KHARTOUM (Reuters) - Sudan could face a counter coup if military rulers and the opposition do not reach agreement on a handover of power to civilians, leading opposition figure and former prime minister Sadiq al-Mahdi said on Thursday.
Mahdi, Sudan’s last democratically elected premier, said hardliners in ousted president Omar Hassan al-Bashir’s National Congress Party (NCP) and its allies in the army would try to exploit the uncertainty to seize power.
“For them to attempt a counter coup is most probable. All the time they are conspiring,” Mahdi, 83, said in an interview with Reuters at his sprawling villa surrounded by gardens in the capital Khartoum.
“The whole group is well versed in conspiracy. The conspiratorial mind is ingrained in them.”
Mahdi, who studied at Britain’s Oxford University, was himself overthrown in a bloodless coup by Bashir in 1989.
Bashir fell after weeks of mass demonstrations and the Sudanese Professionals’ Association, the main protest organiser, called for a million-strong march to take place later on Thursday to press for civilian rule.
Mahdi predicted that Sudan’s generals would relinquish power if the current stalemate were broken.
“I think their intentions are good,” he said of the senior army officers who overthrew Bashir on April 11, three decades after he himself seized power, and then formed the TMC.
“They are not interested in a military government,” he said, an outcome which the African Union has said would be unacceptable.
The spokesman for Sudan’s ruling Transitional Military Council (TMC) said later on Thursday it would retain “sovereign authority only” while civilians hold the post of prime minister and head all government ministries.
On Wednesday, the opposition and the TMC agreed to form a committee to resolve their disagreements, amid tensions over how long it would take to move to civilian government in Sudan, where widespread impoverishment has been entrenched by systemic financial mismanagement, corruption and cronyism.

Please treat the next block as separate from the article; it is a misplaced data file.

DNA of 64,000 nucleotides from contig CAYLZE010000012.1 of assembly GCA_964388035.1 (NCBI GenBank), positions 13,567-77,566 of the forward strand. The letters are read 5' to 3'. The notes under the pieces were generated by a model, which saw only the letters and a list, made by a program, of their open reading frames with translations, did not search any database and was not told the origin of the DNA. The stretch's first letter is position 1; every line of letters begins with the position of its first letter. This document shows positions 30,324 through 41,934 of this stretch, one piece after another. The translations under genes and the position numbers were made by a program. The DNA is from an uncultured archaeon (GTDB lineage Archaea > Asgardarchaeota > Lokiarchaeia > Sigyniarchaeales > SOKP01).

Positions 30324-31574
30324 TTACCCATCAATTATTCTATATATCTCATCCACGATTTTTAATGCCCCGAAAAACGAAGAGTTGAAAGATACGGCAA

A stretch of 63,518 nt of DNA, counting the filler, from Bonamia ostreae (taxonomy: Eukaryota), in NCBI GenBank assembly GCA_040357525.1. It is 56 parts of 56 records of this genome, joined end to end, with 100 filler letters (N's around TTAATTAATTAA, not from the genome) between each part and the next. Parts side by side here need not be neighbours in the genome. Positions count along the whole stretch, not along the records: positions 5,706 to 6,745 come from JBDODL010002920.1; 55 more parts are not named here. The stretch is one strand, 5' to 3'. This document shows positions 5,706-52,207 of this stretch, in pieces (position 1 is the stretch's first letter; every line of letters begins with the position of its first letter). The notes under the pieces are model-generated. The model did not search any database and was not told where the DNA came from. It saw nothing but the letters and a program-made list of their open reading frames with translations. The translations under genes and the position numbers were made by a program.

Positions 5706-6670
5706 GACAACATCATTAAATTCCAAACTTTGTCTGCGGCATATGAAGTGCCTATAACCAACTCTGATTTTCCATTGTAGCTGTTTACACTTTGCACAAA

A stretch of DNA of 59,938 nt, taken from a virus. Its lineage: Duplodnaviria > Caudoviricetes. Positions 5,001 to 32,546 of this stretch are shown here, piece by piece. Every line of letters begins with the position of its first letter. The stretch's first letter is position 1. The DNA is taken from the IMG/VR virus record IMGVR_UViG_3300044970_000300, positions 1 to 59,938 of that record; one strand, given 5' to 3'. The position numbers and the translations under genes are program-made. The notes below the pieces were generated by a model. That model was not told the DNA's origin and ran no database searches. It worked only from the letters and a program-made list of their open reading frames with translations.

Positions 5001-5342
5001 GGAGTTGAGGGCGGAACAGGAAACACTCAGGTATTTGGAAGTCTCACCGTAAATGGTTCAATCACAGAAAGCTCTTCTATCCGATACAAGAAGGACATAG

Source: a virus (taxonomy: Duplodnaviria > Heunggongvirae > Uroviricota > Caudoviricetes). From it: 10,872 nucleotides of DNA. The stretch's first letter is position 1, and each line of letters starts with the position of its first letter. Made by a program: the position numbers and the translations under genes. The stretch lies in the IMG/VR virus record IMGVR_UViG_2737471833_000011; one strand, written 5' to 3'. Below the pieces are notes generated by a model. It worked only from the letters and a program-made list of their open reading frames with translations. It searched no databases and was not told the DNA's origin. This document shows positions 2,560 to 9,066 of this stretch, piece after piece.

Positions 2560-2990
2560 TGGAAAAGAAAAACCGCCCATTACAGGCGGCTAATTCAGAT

The generals have offered some concessions, sacking some officials, announcing the arrest of others, including two of Bashir’s brothers, and ordering steps to curb fraud.
But they have insisted that, while they are willing to accept a civilian transitional government, ultimate authority will remain in their hands until elections are held up to two years from now.
Mahdi’s moderate Islamic Umma party is engaged in the negotiations. Asked if he was interested in ruling Sudan now, Mahdi said: “I will not take part in government until and unless we have elections.”
As two bodyguards stood by, he reflected on the turbulent history of Sudan under Bashir including multiple armed rebellions, economic crises and allegations of war crimes in Darfur, Mahdi recalled what he said was the day that the Islamist Bashir began leading Sudan to failure.
“I was praying at home. Dawn prayers. And they surrounded my house,” he said of the 1989 coup which took him completely by surprise. “I think they wanted to kill me. To capture me and pretend I had tried to escape or resisted.”
After Mahdi was initially jailed, he said he was taken to a what he described as a ghost house. Three men confronted him.
“You can save yourself if you record here that democracy has failed,” he quoted them as saying. “They wanted me to give legitimacy to their coup.”
He refused. “They took me back to an execution cell.” For the next two years he was jailed and put under house arrest.
Mahdi said he had met with intelligence chief Salah Gosh and acting NCP chairman Ahmed Haroun on April 10, the day before Bashir was ousted, after they asked to see him.
The two men threatened to use force to disperse a protester sit-in outside the Defence Ministry, he said. Mahdi said he told them he would join the sit-in to help protect the protesters.
“At this point Haroun said, ‘You will not find them because they will be crushed,’” said Mahdi.
Reuters could not independently verify this account. Gosh could not be reached for comment, while Haroun was arrested and jailed after Bashir’s removal.
Bashir is now languishing in the same, high-security Kobar prison where he sent Mahdi 30 years ago, and where the veteran autocrat held thousands of political detainees. “Kobar is a collection of who’s who in Sudanese politics,” said Mahdi.
Reporting by Michael Georgy and Khalid Abdelaziz; Editing by Mark Heinrich